10/27/2022: And The Chip Shortage Lingers – What It Means For Your Next Car Purchase, KTRH

This Houston radio station wanted to quiz me about the USAT column. The link here points to a story they did based in part on a quick phone interview I did Wednesday morning with KTRH’s Jeff Biggs, but I assume H-town listeners also heard me on the air at some point.

10/25/2022: Soccer-playing robot, Al Jazeera

The Arabic-language news channel had me–in their D.C. studio for my first time since early 2020–to discuss an IEEE Spectrum story with the eye-catching headline “Goalkeeping Robot Dog Tends Its Net Like a Pro”

10/27/2022: Comcast Puts Up ‘Over 5 Million Served’ Sign for Xfinity Mobile, PCMag

I wrote about a Comcast service that people seem to really, really like.

10/29/2022: Elon Musk owns Twitter now, Al Jazeera

I returned to AJ’s studio for a spot about the possible ramifications and downsides of the world’s richest man owning Twitter.

10/30/2022: mind reading via MRI, Al Jazeera

Researchers at the University of Texas demonstrated an ability to reconstruct the mental language of subjects via MRI measurements–just not word for word. The anchors wanted to know if this technology could be abused by tyrannical governments; I said that since you need to have the subject inside an MRI machine, the government would need to detain the person first, and tyrannical governments already have ways to compel people to talk. The researchers also found that “subject cooperation is required both to train and to apply the decoder.”

Weekly output: EU Digital Services and Digital Markets Acts, bringing blockchain technology to land titles, Mark Vena podcast, FCC goes after auto-warranty robocall enablers, Elon Musk tries to back out of buying Twitter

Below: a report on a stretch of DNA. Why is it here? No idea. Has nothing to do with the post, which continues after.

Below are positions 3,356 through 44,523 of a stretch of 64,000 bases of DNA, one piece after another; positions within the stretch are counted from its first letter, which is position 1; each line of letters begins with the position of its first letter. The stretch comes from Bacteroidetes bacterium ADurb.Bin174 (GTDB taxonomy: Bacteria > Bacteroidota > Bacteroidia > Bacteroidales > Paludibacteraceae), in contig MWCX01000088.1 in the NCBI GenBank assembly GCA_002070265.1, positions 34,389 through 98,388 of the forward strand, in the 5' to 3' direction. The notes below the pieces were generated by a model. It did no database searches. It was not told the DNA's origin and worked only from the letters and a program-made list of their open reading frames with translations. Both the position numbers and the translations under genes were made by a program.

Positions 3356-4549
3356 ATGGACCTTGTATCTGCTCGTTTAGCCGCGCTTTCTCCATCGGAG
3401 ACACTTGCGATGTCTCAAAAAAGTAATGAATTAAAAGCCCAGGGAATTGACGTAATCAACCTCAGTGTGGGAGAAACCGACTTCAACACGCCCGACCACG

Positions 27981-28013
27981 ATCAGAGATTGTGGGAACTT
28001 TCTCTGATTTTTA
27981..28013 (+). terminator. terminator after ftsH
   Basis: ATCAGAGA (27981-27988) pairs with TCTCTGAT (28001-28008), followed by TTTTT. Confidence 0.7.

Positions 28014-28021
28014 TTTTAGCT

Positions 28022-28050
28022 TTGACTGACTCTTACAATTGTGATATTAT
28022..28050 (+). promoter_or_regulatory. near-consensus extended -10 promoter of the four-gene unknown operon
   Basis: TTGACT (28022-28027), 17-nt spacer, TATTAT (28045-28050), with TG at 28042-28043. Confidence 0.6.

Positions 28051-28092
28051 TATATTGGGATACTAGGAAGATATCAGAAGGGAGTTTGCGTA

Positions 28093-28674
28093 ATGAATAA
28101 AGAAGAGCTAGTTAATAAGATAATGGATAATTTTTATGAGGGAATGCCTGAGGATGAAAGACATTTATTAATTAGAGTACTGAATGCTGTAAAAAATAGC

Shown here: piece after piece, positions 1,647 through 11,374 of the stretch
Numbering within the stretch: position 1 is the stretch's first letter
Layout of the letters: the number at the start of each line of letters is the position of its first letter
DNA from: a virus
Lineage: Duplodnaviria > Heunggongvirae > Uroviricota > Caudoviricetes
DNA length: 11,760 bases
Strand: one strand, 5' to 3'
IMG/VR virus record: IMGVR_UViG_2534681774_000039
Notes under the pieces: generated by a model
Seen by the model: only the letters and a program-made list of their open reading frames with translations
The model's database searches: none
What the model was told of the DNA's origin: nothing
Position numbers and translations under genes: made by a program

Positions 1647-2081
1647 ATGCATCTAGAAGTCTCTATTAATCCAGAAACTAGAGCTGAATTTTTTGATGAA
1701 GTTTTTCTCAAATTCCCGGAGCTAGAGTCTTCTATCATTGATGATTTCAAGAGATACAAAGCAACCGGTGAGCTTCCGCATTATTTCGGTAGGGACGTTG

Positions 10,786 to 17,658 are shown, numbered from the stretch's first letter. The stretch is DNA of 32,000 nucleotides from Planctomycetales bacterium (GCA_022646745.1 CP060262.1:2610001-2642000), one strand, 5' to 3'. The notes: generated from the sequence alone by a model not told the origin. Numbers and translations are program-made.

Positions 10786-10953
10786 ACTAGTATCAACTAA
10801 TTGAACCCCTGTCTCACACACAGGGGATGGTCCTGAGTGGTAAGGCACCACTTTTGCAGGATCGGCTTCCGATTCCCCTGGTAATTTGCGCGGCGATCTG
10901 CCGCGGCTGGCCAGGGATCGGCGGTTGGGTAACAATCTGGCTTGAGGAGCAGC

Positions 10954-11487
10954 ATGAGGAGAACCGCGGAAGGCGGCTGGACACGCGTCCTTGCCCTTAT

I much enjoyed not going any farther than a neighborhood friend’s house for the Fourth of July; if you traveled further for the holiday, I hope the trip did not involve any unwanted bonus airport time.

7/5/2022: Sweeping EU Bills May Require Major Changes at US Tech Firms, PCMag

Writing this post took longer than I expected because digesting the text of the European Union’s Digital Services Act and Digital Markets Act took longer than I expected.

Screengrab of the story as seen in the Brave browser for Windows7/6/2022: This Virginia county is trying to use blockchain-like tech to store land titles, Fast Company

I started working on this story months ago–after learning about Wise County’s project from a story by Cardinal News, a local non-profit covering southwest Virginia–but didn’t get all the quotes I needed until hearing one expert talk at Collision and meeting another at that conference in Toronto a few weeks ago.

7/7/2022: S02 E28 – SmartTechCheck Podcast, Mark Vena

I joined my usual podcast partners for the first time in a few weeks to discuss TikTok privacy concerns, Netflix’s recent headwinds, and more. If you watch the video version of the podcast, you can see me sporting a Washington Apple Pi shirt.

7/8/2022: FCC Goes After Voice Providers Enabling 8 Billion Auto-Warranty Robocalls, PCMag

Just like you, the members of Federal Communications Commission are sick of people trying to reach them concerning their cars’ extended warranties.

7/9/2022: Elon Musk tries to back out of buying Twitter, Al Jazeera

The Arabic-language news network had me on in overdubbed form to talk about the billionaire’s belated buyer’s remorse.